2

The piece I am learning has a highly repetitive melody line for the left hand (always the same 4 notes, but not all at once), and I want to apply "sustain" for them, while not applying sustain for the more complex melody played with the right hand at the same time.

Looks like a good case for the middle piano pedal, just that there is no time moment when all four keys on the left are depressed down. Sustain "locks" for me only for the keys that were down when I press the middle pedal.

Ok, then I press the keys slowly at the beginning of the piece (slowly enough to produce no sound), then the middle pedal, and keep the middle pedal down until the end of the piece. But this is my own invention.

How is the middle pedal supposed to be used? Can it be applied for the melody line, or must one play a chord first when all relevant piano keys are pressed, giving you a chance to press the pedal at this time?

5

There is no rule requiring you to use the sostenuto pedal only for notes that have already sounded. In a composition that works as you described, capturing them in advance is a perfectly fine and obvious solution. (In fact, modern compositions sometimes use silent keypresses and the sostenuto pedal for notes that are never sounded, just made to resonate by other notes.)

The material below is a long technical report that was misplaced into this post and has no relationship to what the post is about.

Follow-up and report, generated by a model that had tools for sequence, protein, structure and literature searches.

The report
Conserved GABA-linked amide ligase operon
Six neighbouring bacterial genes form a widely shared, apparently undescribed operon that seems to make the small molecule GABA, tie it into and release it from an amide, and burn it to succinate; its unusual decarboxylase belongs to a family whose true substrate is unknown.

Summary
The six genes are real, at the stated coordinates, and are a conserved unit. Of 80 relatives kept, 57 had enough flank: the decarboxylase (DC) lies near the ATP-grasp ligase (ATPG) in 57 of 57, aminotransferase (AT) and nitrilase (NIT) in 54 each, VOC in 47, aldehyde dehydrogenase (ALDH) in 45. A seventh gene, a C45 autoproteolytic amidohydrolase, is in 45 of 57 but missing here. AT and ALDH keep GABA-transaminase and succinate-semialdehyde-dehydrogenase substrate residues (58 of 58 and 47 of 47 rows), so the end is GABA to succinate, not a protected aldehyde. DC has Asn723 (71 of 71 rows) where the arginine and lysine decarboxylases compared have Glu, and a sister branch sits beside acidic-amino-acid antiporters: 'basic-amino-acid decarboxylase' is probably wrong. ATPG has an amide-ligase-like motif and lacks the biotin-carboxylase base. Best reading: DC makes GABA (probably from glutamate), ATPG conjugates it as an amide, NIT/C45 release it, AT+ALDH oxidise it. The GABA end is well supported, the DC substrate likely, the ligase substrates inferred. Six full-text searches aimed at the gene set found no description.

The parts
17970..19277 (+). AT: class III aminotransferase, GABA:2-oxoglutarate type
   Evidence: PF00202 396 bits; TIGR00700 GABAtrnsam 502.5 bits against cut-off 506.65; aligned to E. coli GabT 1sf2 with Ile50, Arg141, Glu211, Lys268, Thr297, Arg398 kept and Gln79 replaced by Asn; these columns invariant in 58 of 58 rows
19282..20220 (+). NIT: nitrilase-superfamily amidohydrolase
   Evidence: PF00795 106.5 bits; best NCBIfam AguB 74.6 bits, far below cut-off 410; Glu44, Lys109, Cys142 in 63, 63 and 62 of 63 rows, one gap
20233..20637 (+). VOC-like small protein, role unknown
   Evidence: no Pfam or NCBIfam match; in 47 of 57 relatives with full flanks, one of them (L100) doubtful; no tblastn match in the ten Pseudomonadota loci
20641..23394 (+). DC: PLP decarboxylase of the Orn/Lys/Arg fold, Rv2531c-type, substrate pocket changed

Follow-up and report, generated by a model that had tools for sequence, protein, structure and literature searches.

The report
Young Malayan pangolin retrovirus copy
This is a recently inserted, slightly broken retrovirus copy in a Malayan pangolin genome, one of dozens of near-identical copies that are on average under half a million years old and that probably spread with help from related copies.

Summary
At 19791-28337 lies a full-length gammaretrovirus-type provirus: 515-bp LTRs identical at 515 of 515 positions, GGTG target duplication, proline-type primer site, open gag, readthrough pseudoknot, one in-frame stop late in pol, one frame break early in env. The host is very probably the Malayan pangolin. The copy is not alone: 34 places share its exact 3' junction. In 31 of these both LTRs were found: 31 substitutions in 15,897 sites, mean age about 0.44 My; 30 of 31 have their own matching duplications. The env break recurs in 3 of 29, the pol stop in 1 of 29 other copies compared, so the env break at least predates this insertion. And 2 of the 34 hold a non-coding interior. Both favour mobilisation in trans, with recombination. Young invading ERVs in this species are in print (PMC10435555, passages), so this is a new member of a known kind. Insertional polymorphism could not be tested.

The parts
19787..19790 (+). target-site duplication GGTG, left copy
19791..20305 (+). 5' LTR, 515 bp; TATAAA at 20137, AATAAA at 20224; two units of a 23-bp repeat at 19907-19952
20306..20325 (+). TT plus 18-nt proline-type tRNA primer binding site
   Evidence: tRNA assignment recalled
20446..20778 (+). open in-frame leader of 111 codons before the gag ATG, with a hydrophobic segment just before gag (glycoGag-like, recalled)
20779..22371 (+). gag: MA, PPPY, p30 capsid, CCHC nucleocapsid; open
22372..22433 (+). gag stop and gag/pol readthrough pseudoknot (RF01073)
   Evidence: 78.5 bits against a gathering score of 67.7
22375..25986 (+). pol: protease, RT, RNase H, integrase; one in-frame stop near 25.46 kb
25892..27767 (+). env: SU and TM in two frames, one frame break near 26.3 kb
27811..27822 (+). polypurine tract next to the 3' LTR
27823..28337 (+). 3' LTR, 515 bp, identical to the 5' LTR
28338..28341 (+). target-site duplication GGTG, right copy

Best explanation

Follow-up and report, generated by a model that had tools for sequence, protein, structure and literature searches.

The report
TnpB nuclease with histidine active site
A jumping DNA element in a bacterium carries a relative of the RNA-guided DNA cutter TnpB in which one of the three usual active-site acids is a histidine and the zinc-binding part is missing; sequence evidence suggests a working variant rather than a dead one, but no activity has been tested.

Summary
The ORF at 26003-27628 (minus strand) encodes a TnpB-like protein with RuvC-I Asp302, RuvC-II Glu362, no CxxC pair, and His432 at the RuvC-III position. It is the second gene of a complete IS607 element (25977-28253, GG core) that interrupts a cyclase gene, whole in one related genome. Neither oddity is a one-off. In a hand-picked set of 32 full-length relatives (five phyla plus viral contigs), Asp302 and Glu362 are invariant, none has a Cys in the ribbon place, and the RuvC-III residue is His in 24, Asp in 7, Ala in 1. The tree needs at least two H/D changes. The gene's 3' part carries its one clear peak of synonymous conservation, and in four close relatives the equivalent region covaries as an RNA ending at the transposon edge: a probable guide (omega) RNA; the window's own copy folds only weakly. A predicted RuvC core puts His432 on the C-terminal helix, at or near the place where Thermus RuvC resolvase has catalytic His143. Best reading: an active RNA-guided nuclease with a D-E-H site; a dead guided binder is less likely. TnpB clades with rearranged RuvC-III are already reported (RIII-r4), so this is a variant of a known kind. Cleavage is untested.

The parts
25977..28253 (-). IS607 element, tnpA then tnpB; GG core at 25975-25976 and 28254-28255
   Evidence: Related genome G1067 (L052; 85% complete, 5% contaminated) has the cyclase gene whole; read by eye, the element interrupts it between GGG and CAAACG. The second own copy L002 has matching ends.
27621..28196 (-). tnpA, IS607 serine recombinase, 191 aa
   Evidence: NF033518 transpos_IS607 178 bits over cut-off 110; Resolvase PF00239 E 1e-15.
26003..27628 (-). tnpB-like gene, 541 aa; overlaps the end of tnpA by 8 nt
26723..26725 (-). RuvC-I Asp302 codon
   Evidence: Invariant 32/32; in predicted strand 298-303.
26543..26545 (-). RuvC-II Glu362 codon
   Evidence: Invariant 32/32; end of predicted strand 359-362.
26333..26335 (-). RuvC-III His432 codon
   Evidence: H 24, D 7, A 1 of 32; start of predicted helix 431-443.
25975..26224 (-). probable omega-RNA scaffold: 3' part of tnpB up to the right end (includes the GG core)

• This question is about the middle 'sostenuto' pedal found on some pianos. You seem to be talking about the sustain pedal. – Laurence Payne May 4 '17 at 15:02
  • @LaurencePayne Wow, English distinguishes between "sustain pedal" and "sostenuto pedal"?? How... quaint. Fixed. – Kilian Foth May 4 '17 at 17:57
  • I'm still not convinced that you realise they're two different pedals that do two different things. – Laurence Payne May 4 '17 at 18:08
1

What you suggest will, indeed do what you describe. If the 4 notes sound good sustained together - which probably means they form a chord rather than a scale - and if that chord doesn't conflict with other harmonies in the piece, you may have invented a useful technique! Give it a try. But listen carefully to the result!

  • They sound nice together, they probably form a chord of some kind. – h22 May 4 '17 at 15:11
0

The middle pedal is called the sostenuto pedal. It works as you discovered, holding the dampers off for notes that were sounding when the pedal was pressed. You may find more in the Wikipedia article on piano pedals.

0

I need to warn you that you should only make people hold down the sostenuto pedal for as long as you want all the held-down notes to sound. This means that, unless you have people let go of the sostenuto pedal, "not all at once" will eventually no longer apply, and listeners will hear all 4 left-hand melody notes at the same time.

  • this would be more appropriate as a comment than an answer – Some_Guy May 4 '17 at 12:41
  • @Some_Guy, I'm mainly trying to answer the question's "How the middle pedal is supposed to be used?" I'm willing to edit this answer to make this more clear. – Dekkadeci May 4 '17 at 12:43

Your Answer

By clicking “Post Your Answer”, you agree to our terms of service, privacy policy and cookie policy

Not the answer you're looking for? Browse other questions tagged or ask your own question.